Gambling Debts Settlement Goes Awry for Young Singapore Man

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A young man from Singapore racked up a significant amount of gambling debts and needed a way out. He thought he found it in a fake watch scam, but ended up with a date in court and a criminal record.

Terry Tong Hong Zhi
Terry Tong Hong Zhi
Terry Tong Hong Zhi appears in a Singapore court for attempted theft and causing bodily harm. He tried to rob a man to pay off a substantial gambling debt, but was unsuccessful. (Image: Asia One)

Knowing when to say when in gambling is just as important as it is in life. If you’re not finding success, it’s time to change tactics. Some people, however, have a difficult time grasping the concept.

A Singapore man found himself in that situation. Apparently a highly unsuccessful gambler, he repeatedly accumulated more debt, and out of desperation to cover his losses, hatched a “fool-proof” plan to pick up some fast cash. It didn’t work out as he expected, and police caught up with him, but not before he left a man permanently disfigured.

Just a Matter of Time

Terry Tong Hong Zhi, a 20-year-old, needed cash. He owed S$40,000 (US$29,388) in loans he took out as he gambled – and lost – online. Desperate, he thought he had come up with a perfect way to access cash without having to rob a bank.

Last year, Tong decided he could find some money by posing as a high-end watch seller, according to Singaporean media outlet Today. He created listings on Caroussel, a local online marketplace, offering luxury watches. But the ads were all fake.

For his age, Tong was surprisingly thorough. He researched different models of watches to find the best options, used an image of a Chinese man in his profile, and researched the prices other sellers were asking before he launched his scheme. He also used an untraceable phone with an unregistered SIM card.

The first few attempts didn’t work. Choosing a location in a gated community, he thought, would lend a certain amount of credibility to the sales. But he initially had no success. Either the unsuspecting victim would come with a friend, or thought the residence at the location was the point of exchange and contacted the owner.

Then, Tong finally found his mark. With a Patek Philippe Nautilus 5711/1A watch and a price much lower than that of others, he was ready to make a deal. The victim fell for the S$115,000 (US$84,502) price and agreed to meet. On WatchCentre, an online watch store, that Patek Philippe model sells for around US$209,534.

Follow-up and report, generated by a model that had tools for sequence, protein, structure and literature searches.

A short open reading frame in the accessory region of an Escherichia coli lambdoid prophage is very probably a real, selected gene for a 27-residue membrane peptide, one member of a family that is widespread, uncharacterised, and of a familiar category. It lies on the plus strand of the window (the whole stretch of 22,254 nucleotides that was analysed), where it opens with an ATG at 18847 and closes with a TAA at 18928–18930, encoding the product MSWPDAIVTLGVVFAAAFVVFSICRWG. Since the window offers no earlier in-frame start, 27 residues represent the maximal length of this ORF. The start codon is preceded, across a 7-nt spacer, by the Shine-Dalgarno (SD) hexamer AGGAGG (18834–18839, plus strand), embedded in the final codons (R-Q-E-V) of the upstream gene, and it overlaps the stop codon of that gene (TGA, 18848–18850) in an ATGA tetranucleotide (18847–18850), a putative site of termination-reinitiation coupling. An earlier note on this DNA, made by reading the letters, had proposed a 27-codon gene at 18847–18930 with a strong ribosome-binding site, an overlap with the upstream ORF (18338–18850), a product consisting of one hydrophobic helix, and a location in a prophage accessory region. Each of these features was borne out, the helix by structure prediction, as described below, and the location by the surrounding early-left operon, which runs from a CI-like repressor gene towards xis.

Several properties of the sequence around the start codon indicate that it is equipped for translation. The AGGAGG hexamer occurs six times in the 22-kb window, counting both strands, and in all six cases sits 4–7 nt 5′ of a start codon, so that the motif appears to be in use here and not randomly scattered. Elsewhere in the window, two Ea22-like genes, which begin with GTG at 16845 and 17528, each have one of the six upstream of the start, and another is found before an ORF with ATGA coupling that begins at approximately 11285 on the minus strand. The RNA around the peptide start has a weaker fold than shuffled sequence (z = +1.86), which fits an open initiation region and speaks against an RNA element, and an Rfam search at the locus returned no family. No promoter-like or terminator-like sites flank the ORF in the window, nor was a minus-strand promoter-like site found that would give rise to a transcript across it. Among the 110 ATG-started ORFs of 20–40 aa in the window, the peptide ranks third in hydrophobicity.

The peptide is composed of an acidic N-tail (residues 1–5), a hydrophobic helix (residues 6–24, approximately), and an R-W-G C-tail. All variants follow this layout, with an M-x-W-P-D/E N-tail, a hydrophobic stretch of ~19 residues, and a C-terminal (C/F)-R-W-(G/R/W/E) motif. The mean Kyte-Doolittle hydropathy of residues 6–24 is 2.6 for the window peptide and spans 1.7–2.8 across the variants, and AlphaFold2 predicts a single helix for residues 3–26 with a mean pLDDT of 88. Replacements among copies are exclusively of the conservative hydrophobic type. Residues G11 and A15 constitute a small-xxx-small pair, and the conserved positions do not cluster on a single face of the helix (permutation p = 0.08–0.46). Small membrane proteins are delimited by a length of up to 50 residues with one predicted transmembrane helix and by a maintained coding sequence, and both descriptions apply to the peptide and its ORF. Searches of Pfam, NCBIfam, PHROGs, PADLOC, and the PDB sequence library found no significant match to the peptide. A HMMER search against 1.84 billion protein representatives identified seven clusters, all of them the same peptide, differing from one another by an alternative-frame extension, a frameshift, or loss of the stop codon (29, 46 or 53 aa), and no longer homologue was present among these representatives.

When the two arrived at the meeting point, Tong pulled out a penknife and threatened his victim. The man fought back and screamed for help before Tong slashed him on his face with the knife. The would-be criminal made his escape, but didn’t collect the money.

Life of Crime Comes to an End

As he made his getaway, Tong stripped off his clothes so they couldn’t be evidence if the police caught up with him. He planned his escape route in order to avoid surveillance cameras and made sure to ditch the SIM card and perform a factory reset of the phone.

It was all for nothing, though. Police caught up with Tong two days later and he admitted his crimes. That was in July of last year, and today, he appeared before a judge to learn his fate.

The judge could have given him between five and 20 years behind bars, as well as 12 lashes of a cane. However, he received “reformative training,” instead. For 12 months, he will undergo what the website Singapore Legal Advice describes as a “comprehensive rehabilitation program in a closed and structured environment in a Reformative Training Center.”

Tong was unlucky at gambling at crime, but finally found some luck in the court. The reformative training order was the result of his age, as it is often the sentence for those under 21. He turns 21 next week.

As for Tong’s victim, he spent two days in a hospital. He will likely think twice in the future about deals that seem too good to be true.

The post Gambling Debts Settlement Goes Awry for Young Singapore Man appeared first on Casino.org.

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